- 15 %: Real Estate
Buy a stake land and buildings for long-term investment and make sure they are in countries where real estate holds a high market value such as Singapore, Hong-Kong, and Melbourne (Australia).
- 20%: Investment Funds & Hedge Funds (Real Estate, Health, and Food Industries)
If you have the funds to invest in hedge funds, this is one sure way to make sure that your investment outlasts the downturns. What to look for in a high-quality fund: identify absolute values in investment returns that exceeded 20% per annum over five years.
- 15%: Bitcoin and Cryptocurrencies
2018 has been a bear market for Bitcoin, but my view is that it is likely to come out of this after perhaps a little more downward leverage in the market, which will make it an excellent hedge investment. Here you will have to keep an eye on the crypto trading market, get in when the price of BTC is on a downward spike. Once again, this will be the time to buy as a medium-term investment and, I believe that the coin will probably go up to double your investment within 12 months. If you do not have the funds to spend on BTC, buy cryptos that have a sound project and good backing during 2018. If they have been able to withstand the bear market, chances are they will be stable in the coming years.
Short trading on strong cryptocurrencies has the advantage of making money and there are some good options taken up with the right strategies in place to buy and sell efficiently, such as Automated Trade Bots, but that is a topic for another discussion.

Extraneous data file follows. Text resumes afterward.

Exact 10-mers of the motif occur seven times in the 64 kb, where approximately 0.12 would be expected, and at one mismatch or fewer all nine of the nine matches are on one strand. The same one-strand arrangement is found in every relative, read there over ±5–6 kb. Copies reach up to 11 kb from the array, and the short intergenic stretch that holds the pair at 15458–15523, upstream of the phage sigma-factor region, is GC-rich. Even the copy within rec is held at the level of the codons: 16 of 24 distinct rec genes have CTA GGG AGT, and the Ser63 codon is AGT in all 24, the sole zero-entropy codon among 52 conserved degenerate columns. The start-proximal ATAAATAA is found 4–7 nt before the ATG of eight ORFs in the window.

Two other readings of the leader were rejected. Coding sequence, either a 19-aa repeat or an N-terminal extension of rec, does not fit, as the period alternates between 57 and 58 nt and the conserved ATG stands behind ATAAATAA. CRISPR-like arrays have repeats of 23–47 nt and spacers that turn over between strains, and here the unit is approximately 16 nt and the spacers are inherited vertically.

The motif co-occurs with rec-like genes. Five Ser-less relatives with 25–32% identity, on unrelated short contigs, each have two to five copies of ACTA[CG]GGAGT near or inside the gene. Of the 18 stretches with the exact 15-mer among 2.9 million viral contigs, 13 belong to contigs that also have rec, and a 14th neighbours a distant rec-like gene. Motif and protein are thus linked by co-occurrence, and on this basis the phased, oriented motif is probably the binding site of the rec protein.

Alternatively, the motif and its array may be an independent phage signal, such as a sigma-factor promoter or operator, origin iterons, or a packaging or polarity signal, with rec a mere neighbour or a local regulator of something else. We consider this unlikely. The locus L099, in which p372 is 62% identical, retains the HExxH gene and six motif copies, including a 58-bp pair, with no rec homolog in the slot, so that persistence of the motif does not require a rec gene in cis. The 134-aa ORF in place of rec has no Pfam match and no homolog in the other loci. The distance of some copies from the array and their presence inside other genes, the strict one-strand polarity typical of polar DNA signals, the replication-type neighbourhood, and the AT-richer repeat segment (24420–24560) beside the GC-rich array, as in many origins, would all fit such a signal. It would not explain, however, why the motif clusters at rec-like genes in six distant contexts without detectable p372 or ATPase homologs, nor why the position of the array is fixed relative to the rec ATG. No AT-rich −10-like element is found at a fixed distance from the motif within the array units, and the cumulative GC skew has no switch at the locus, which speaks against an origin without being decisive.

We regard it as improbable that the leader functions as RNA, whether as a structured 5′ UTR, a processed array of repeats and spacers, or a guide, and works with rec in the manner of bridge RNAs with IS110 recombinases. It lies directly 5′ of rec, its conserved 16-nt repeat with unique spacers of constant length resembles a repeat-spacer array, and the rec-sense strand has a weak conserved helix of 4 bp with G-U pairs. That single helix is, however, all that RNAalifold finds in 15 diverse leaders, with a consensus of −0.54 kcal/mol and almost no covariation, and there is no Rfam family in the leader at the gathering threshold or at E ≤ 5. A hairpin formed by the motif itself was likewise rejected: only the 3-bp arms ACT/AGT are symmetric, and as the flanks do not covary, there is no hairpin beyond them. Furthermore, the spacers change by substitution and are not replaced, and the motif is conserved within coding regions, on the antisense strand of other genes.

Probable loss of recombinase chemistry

- 25%: Fiat Currency – Cash is King!
I am recommending that investors get a large amount of cash on hand, whether in physical fiat or as cash in various, preferably offshore, banks. If bank rates go up in the United States and elsewhere, the need for liquidity is going to be crucial to keep financially viable for everyone.
The economic outlook for the year ahead
My view is that a burst bubble is not going to end the world, but getting in ahead of it to make sound investment choices is essential to stay ahead in short to mid-term.
As an economist, I have spent much time watching the market trends and what I see happening this year is a leveling out of interest rates by the Fed and, a downward trend on the stock market, probably towards the end of the year. The international trade wars will bring about an increase in the price of consumer goods and even food items. This means that having disposable income is going to be much harder for everyone.
I hope that I am wrong in my pessimism and that we never see another out of control spiral as we witnessed ten years ago, but the time is probably right for at the very least a big enough bang to cause stabilisation of world GDP and bring everyone to a more sustainable level of growth.
If someone sees fit to launch a nuclear missile in 2019, I will re-evaluate my own portfolio!